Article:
Black bears are busy packing on those last few pounds needed to get them through winter, and their search for food often brings them in close contact with West Shore residents.
But one Metchosin resident had an encounter with a bear last week that was a little too close for comfort.
Nicole Rue was relaxing at home “watching Netflix” when her dog started making a commotion on the porch. “It was a torrential downpour … and all of a sudden she started barking like crazy,” Rue said in an interview this week.
She jumped up and grabbed a small solar-powered flashlight and her rain gear before heading out the door. “I could hear this high-pitched squeal,” she said, adding that she first thought cats were fighting outside.
She quickly determined the source of the noise and took off towards the pig run on the couple’s acreage just off Kangaroo Road, eventually jumping the fence to get in. She headed towards the sound, which was coming from the boggy portion of the enclosure.
Rue and her partner have been battling racoons and other small pests that have taken an interest in their livestock, especially the chickens and turkeys. As she went charging through the run, she wondered why a racoon would go after a pig. She began scanning the muddy ground for the pig, but couldn’t find it in the weak beam from the little flashlight.
“I walked right down there and right up to the bear,” she said. “That bear could have taken a step forward and taken a swipe at me … Luckily, he was too busy with the pig.”
Rue immediately started to back pedal, trudging through the deep mud and muck to get away from the bear. “It was huge; it was standing on its back legs holding the pig in its hands,” she recalled.
She noted how small the roughly 50-pound pig looked next to the bear, which she said was easily seven or eight feet tall standing upright. “By the time I got to the top, I was throwing stuff and banging stuff while I was running,” she said. “I wasn’t about to just stand there.”
Rue jumped the fence out of the enclosure and made a break for her house. Once inside, she phoned the West Shore RCMP. “They were there within 20 minutes,” she said, adding that officers had their shotguns at the ready. But by that time, the bear had vanished.
The officers escorted her back down to the run, where the wounded pig had retreated inside its shelter. “It’s wounds were really extensive,” she said. “They had to put the pig down.”
With two more pigs loose in the enclosure, Rue said, the officers helped her track them down and corral the pigs back into their shelter. “We had to literally body slam them to get them in the house. They were traumatized.”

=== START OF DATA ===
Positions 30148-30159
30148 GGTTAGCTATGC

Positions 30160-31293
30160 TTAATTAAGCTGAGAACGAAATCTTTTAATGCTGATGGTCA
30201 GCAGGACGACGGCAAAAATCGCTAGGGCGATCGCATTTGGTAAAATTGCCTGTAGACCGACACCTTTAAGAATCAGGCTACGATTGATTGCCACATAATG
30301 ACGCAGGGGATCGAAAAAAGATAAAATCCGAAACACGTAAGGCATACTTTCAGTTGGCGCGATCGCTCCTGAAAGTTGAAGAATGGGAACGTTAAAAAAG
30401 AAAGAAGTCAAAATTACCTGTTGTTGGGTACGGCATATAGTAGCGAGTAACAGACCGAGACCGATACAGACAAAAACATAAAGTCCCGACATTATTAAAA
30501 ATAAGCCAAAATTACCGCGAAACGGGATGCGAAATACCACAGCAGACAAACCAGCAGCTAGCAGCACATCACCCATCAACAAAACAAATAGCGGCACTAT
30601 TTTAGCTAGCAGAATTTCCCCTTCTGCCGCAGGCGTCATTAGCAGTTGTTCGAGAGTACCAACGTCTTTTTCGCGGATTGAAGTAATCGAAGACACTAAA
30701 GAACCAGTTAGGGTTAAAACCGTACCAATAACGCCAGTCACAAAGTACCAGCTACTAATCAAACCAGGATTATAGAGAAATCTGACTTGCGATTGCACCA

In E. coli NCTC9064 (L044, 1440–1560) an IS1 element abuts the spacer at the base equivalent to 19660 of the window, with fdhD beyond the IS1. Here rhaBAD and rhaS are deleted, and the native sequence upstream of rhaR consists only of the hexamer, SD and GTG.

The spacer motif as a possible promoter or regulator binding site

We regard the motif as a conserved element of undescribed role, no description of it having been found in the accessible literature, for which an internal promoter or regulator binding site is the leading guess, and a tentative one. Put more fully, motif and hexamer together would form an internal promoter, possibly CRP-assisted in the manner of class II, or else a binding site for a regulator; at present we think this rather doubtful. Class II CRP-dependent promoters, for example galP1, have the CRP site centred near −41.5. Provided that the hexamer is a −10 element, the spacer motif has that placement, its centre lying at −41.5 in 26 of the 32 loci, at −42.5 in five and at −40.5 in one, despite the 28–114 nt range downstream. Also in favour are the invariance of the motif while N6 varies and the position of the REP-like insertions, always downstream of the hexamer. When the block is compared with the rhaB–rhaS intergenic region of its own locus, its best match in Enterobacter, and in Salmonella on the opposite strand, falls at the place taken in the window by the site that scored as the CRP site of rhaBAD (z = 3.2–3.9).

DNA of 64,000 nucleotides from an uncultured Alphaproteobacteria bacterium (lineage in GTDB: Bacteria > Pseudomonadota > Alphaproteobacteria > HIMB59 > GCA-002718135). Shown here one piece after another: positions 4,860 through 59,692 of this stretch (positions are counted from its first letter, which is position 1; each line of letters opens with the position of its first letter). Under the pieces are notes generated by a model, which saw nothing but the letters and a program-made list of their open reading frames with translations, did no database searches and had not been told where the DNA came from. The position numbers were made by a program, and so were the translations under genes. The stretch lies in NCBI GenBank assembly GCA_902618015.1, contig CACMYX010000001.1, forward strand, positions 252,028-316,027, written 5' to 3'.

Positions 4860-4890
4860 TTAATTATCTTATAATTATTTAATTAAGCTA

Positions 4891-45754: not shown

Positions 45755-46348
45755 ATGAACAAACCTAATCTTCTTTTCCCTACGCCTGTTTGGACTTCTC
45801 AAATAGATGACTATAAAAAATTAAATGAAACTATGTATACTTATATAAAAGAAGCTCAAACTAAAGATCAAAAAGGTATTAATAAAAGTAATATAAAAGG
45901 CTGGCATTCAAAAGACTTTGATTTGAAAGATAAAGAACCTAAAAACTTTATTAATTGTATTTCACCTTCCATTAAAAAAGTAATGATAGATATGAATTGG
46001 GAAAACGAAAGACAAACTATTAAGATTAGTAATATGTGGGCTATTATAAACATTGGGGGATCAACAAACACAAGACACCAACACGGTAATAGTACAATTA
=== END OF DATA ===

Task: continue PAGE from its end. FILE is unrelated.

The whole procedure took about an hour and during that time, one of the officers had to get down in the mud to entice one particularly large and stubborn pig. “The cops were amazing … I was so grateful,” she said. “They probably smelled pretty raunchy after.”
Once the officers left, the reality of the situation started to set in. “I didn’t sleep that night,” Rue said, adding in hindsight she couldn’t believe the bear didn’t attack her. “Luckily, it wasn’t a mama bear with babies.”
A conservation officer also stopped by the day after the attack to set up a live trap, in case the bear returned. “I haven’t seen it since, hopefully, it doesn’t come back,” Rue said.
Regional conservation officer Peter Pauwels said that October is the month when they receive the most calls relating to bears. “This time of year they’re fattening up,” he added.
As of Tuesday the CO service had not received further calls about bears in Metchosin, but Pauwels noted that area residents are getting used to co-existing with the animals. He said they’ll generally only call when bears are causing a problem or are in an unusual area, such as a residential street. “If people have concerns, they’re more than welcome to call.”
While it’s not unheard of, Pauwels said it is fairly unusual for a bear to attack a pig. Last year there was one such report in Sooke and this year there have been two similar reports in Duncan. “They’re opportunistic,” he added.
Rue said the bear may have been drawn to the area by fruit still hanging on neighbouring trees. Bear dung found in the pig pen had apples in it, she said, and a small apple tree near her property was nearly ripped out of the ground by a bear trying to get at the fruit.
It was a sentiment echoed by Pauwels.
“In Metchosin there’s a lot of apple trees and they’re gorging themselves,” he said. While the fruit often attracts bears to an area, when that supply starts to dwindle or other food sources are readily available, the animals will branch out, he added.
“If you don’t want a bear in your yard, pick the fruit.”
Residents should also secure their animals at night, as well as other food sources such as garbage. Even if residents don’t mind bears, he noted, the public should ensure such food sources are unavailable, as the bears could become dependant or lose some of their natural foraging abilities. “We have a couple more weeks to get through,” he said. “Usually by November the calls completely dry up.”
Since the encounter on Oct. 19 Rue has been busy rebuilding damaged fences and adding reinforcements to all of the pens and shelters on her property. She’s also considering adding a few more dogs to the farm as an extra level of protection.
“I did go out and buy a very good flashlight,” she added with a laugh.
Dangerous wildlife encounters can be reported by calling 1-800-663-9453.